Earlier Saturday, Abbas had asked Hamas to form the next government, after the new Hamas-dominated parliament was sworn in. In his speech, Abbas said the next government must recognize existing peace agreements and commit to peace negotiations as the ``sole ... strategic choice'' of the Palestinians.
"Hamas reasserts that when it comes to the political program, it rejects negotiations with the occupation (Israel), especially since it (Israel) still practices collective punishment against our people," Hamas spokesman Sami Abu Zuhri told The Associated Press in Gaza City.
Hamas controls 74 of the 132 seats in parliament and Hamas officials have said their top choice for prime minister is the group's Gaza leader, Ismail Haniyeh.
Israel and the international community have said they will not recognize a Hamas government if the group, officially sworn to Israel's destruction, does not renounce violence, recognize Israel and honor all past Israeli-Palestinian agreements.
Hamas' surprise victory in the Jan. 25 parliamentary election ousted Abbas' Fatah Party.
The Islamic militant group has staunchly opposed the interim autonomy agreements, known as the Oslo Accords, which were signed in the 1990s. However, Abbas offered Hamas a sharp warning about breaking the agreements.
"We have not and will not accept any questioning of the accords' legitimacy," Abbas told parliament. "Indeed, from the hour they were endorsed, they became a political reality to which we remain committed."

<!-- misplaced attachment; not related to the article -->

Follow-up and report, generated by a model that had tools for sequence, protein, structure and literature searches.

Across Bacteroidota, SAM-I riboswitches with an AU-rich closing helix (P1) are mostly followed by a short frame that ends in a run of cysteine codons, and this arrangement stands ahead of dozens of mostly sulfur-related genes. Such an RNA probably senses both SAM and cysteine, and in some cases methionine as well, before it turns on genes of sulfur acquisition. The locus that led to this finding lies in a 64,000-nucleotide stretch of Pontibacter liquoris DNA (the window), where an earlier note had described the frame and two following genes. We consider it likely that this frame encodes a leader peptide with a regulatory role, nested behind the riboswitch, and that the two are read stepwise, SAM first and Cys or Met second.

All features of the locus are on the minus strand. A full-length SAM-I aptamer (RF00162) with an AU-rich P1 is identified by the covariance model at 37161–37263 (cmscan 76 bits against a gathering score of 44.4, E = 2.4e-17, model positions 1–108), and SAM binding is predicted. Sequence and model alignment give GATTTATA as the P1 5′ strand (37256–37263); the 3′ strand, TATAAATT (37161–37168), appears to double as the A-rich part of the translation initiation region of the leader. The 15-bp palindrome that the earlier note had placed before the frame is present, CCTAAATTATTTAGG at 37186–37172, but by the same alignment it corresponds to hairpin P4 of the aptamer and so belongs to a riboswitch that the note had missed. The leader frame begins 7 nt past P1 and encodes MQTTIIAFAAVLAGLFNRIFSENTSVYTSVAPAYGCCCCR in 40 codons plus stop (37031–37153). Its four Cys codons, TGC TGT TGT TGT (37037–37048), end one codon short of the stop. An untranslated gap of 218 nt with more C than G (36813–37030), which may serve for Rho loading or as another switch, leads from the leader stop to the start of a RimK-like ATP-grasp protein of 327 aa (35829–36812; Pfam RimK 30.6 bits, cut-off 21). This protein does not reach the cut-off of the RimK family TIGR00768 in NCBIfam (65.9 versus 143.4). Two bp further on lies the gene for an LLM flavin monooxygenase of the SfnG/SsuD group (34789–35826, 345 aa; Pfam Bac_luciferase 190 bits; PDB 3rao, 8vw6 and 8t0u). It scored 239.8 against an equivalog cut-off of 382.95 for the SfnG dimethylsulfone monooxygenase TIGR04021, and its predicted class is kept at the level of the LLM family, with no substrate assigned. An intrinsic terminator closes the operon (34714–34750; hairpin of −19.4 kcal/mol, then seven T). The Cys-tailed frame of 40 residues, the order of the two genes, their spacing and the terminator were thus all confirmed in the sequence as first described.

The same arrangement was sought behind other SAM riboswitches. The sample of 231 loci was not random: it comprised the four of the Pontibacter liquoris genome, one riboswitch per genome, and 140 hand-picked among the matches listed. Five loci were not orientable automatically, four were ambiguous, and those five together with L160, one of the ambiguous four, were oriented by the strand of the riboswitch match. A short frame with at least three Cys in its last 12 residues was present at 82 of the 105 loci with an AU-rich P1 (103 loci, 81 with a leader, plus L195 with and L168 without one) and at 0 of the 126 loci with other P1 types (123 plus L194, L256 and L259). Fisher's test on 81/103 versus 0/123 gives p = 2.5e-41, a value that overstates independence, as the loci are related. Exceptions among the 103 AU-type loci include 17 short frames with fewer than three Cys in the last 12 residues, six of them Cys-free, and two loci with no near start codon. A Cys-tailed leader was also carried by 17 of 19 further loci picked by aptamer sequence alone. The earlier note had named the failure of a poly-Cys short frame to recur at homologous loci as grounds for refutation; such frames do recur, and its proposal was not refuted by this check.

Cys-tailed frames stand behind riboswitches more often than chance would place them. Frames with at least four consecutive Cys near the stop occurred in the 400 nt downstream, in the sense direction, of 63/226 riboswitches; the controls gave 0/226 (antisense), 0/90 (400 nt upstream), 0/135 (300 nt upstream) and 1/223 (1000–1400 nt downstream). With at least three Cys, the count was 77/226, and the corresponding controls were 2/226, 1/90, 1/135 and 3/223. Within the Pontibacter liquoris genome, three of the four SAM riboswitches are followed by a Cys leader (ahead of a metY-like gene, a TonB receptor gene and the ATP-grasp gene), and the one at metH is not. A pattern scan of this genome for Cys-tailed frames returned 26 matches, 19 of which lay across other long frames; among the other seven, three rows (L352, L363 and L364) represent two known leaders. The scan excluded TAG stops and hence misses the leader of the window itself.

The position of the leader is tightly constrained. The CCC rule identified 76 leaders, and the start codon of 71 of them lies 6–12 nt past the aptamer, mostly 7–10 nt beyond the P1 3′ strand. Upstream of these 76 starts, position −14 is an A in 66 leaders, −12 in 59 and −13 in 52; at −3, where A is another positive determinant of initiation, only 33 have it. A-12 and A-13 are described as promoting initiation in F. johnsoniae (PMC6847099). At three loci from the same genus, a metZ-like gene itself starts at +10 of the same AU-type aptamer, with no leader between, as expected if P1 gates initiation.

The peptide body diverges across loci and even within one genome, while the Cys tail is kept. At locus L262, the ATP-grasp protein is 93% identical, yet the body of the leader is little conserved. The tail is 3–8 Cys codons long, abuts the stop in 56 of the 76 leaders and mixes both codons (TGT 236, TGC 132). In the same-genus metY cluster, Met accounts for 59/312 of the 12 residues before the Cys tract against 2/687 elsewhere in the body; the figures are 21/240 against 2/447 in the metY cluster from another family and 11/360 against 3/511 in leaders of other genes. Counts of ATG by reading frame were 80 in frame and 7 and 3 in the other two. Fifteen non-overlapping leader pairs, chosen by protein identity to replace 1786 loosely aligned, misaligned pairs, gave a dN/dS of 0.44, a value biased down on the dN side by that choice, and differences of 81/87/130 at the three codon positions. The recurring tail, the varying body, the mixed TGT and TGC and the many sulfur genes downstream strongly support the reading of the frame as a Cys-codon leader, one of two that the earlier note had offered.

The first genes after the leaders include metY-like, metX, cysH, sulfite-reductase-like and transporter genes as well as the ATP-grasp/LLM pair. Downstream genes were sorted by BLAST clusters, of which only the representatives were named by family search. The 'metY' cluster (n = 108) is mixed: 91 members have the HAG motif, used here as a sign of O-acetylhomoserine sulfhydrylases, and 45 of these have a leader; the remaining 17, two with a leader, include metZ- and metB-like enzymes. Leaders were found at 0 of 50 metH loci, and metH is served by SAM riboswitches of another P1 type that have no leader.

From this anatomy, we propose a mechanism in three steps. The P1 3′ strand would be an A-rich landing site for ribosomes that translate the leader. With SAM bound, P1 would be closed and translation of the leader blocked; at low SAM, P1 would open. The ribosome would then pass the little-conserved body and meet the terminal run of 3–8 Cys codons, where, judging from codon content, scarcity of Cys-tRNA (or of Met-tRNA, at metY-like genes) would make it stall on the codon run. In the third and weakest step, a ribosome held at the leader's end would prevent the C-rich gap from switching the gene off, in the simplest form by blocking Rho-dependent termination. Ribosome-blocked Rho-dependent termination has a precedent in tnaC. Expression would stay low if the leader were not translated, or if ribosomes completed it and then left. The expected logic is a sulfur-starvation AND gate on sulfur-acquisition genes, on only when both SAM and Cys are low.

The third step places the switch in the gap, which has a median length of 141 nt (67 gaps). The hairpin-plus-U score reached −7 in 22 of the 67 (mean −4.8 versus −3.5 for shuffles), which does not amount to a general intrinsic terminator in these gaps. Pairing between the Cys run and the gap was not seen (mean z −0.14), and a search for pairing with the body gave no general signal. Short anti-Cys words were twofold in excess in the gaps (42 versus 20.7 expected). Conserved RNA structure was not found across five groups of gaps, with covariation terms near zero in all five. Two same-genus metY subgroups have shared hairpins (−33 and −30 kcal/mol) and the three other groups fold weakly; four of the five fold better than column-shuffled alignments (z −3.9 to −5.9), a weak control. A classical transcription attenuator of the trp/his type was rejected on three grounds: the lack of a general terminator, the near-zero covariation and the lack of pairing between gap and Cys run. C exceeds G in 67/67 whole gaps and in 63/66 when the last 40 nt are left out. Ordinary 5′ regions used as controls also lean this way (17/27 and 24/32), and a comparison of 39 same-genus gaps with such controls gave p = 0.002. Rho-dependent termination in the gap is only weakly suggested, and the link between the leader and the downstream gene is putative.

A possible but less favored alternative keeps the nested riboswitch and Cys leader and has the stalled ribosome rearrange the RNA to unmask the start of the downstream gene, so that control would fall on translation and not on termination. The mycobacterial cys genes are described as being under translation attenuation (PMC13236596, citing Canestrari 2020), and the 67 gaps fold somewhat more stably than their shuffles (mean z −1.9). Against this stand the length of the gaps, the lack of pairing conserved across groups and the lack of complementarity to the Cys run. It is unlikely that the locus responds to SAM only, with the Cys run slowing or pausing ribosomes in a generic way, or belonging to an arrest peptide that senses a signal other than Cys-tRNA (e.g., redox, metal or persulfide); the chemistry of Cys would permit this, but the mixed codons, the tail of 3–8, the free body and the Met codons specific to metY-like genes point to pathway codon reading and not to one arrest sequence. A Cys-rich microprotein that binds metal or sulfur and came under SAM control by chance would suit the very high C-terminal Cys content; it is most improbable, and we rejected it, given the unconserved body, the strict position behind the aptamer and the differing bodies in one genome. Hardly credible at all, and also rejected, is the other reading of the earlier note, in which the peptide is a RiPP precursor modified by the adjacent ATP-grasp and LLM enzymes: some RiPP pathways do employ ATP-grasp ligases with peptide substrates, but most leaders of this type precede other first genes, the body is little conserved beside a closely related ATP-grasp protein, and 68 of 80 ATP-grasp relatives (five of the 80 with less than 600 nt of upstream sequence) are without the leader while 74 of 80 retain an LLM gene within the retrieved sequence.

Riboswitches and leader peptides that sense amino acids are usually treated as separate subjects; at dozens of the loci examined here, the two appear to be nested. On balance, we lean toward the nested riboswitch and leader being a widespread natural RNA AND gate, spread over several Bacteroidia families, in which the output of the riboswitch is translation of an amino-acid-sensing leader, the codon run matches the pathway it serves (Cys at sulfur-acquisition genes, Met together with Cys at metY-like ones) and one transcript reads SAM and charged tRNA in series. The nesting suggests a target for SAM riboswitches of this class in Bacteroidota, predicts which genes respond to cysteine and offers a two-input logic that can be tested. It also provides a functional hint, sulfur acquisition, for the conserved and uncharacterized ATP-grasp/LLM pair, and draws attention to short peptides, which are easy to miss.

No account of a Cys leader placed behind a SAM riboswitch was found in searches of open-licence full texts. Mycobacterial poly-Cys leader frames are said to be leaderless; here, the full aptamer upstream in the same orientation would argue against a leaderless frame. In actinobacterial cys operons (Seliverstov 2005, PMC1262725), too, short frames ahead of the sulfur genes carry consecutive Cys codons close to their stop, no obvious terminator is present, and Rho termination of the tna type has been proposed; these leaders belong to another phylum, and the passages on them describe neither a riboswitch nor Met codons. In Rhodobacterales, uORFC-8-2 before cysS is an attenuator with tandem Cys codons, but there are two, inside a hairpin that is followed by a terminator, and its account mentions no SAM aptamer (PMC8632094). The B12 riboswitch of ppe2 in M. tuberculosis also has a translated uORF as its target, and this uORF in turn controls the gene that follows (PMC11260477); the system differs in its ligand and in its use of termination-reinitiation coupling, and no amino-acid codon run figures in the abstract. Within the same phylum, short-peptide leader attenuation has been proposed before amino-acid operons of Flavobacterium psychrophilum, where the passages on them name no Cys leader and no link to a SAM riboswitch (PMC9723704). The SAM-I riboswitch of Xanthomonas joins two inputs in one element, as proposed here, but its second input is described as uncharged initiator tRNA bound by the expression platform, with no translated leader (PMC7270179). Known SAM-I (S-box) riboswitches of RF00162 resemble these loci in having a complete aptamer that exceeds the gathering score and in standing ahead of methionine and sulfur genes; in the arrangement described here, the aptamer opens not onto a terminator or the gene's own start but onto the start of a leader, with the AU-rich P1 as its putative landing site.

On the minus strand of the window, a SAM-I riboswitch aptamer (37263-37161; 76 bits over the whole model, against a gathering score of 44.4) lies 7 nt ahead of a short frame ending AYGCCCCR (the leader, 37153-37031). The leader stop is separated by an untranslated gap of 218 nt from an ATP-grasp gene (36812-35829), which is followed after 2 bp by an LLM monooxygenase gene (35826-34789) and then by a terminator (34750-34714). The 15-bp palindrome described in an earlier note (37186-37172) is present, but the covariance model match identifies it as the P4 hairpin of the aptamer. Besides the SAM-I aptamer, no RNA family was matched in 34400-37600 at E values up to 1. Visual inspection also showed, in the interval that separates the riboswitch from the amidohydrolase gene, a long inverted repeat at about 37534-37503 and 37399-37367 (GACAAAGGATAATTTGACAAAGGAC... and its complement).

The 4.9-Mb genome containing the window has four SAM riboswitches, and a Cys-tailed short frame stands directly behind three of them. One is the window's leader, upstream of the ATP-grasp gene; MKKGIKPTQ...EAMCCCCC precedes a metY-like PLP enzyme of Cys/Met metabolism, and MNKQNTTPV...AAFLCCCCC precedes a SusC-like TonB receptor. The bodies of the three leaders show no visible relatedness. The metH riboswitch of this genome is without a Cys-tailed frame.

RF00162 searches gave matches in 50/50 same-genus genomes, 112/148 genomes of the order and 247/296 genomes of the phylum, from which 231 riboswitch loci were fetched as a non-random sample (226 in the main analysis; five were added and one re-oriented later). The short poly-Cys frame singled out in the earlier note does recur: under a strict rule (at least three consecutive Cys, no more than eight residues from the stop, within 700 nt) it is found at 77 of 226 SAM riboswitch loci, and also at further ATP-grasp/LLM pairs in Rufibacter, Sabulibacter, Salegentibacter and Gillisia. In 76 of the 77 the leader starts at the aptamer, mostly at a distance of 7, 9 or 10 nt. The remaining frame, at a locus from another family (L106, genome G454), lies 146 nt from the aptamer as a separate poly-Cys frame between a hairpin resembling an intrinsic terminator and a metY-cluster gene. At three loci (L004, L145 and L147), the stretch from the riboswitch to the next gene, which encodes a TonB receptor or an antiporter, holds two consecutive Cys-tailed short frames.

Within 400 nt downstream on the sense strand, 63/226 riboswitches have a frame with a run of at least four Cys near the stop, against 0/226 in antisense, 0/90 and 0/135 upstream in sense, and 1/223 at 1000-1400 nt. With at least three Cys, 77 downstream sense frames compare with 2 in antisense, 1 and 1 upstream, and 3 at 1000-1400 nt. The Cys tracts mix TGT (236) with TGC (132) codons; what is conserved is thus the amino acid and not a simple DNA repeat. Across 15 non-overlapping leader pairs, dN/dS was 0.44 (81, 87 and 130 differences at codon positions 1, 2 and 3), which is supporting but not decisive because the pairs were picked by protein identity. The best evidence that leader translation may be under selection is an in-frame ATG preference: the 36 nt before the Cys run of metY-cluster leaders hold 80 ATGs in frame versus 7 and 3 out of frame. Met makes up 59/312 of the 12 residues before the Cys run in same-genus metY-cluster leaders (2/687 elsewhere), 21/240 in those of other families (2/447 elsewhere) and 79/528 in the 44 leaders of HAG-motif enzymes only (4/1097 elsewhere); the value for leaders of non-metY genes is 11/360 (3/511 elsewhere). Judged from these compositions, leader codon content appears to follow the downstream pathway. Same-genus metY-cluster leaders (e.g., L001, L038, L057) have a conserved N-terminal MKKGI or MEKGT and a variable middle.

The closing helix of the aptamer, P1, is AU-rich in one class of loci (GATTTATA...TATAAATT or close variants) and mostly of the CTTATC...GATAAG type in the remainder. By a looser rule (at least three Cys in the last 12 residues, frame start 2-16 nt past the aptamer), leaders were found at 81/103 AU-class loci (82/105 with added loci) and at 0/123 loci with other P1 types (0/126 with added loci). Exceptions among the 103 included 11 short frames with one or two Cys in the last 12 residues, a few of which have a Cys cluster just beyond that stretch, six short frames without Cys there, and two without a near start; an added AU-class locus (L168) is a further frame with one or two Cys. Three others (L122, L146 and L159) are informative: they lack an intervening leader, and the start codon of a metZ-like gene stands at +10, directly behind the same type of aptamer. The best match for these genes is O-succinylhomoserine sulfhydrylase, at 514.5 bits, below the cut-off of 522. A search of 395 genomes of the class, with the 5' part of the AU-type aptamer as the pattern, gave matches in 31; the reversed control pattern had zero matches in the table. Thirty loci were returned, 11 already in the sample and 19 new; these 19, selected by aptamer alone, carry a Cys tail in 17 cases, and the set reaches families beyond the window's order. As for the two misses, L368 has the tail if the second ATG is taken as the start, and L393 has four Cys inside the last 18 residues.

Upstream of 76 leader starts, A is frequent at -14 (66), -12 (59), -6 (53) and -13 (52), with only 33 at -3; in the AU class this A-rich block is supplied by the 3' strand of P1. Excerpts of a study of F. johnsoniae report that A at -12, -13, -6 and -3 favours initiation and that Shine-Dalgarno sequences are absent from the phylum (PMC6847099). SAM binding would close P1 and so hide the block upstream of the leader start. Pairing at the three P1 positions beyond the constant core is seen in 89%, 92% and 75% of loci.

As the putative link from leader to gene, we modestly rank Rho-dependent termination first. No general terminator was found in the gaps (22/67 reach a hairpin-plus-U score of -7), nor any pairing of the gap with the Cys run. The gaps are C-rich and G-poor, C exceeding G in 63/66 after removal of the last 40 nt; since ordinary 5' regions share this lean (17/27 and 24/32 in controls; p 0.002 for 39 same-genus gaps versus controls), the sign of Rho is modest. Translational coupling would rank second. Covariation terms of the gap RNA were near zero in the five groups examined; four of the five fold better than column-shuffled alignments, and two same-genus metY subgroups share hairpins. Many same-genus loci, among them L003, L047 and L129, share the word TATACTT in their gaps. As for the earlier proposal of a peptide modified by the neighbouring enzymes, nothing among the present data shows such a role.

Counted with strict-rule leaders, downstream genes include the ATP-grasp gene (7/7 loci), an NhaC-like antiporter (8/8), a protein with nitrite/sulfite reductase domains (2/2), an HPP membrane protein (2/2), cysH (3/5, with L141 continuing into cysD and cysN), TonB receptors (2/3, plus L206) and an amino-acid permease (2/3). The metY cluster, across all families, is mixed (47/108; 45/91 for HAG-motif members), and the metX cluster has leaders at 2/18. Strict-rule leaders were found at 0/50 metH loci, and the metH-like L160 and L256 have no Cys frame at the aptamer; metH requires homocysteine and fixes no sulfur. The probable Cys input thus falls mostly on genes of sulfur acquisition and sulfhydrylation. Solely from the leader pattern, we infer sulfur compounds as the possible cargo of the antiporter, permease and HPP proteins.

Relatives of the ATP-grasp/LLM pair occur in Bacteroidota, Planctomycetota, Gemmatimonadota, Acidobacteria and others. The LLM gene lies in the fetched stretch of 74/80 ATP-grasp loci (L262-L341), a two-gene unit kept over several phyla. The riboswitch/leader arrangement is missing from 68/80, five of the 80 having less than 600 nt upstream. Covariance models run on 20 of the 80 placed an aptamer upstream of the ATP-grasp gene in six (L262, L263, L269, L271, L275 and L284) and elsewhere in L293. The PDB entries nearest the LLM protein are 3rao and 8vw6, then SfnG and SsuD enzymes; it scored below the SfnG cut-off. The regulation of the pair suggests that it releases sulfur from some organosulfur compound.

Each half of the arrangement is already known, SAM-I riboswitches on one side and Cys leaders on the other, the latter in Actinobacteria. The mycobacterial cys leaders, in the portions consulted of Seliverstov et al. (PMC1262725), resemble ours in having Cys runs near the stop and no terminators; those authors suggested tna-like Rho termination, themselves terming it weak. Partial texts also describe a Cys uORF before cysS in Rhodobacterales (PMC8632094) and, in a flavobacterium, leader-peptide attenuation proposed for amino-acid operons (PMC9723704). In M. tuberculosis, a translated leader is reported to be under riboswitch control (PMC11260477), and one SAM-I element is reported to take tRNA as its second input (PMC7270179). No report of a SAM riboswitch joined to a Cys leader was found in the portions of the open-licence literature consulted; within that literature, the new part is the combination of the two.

Mahmoud Zahar, a fiery Hamas leader newly elected to serve in parliament, called Saturday a "historic day," and pledged that Hamas would serve the Palestinian people.
"We have to be the new servants for the Palestinian issue, the Palestinian detainees, the Palestinian land, the Holy Land and also for the people," Zahar told reporters when he arrived at the Gaza government building where the parliament session was to be held via videoconference.
U.S. Secretary of State Condoleezza Rice cautioned Iran and other Middle East powers on Friday of the consequences for the region of giving money to a Palestinian government led by Hamas.
She also expressed doubt that the militant Islamic group could raise badly needed international financing unless it changes its policies.
"I would hope that any state that is considering funding Hamas, a Hamas-led government, would think about the implications of that for the Middle East" and for the goal of peace between Israel and the Palestinians, Rice said.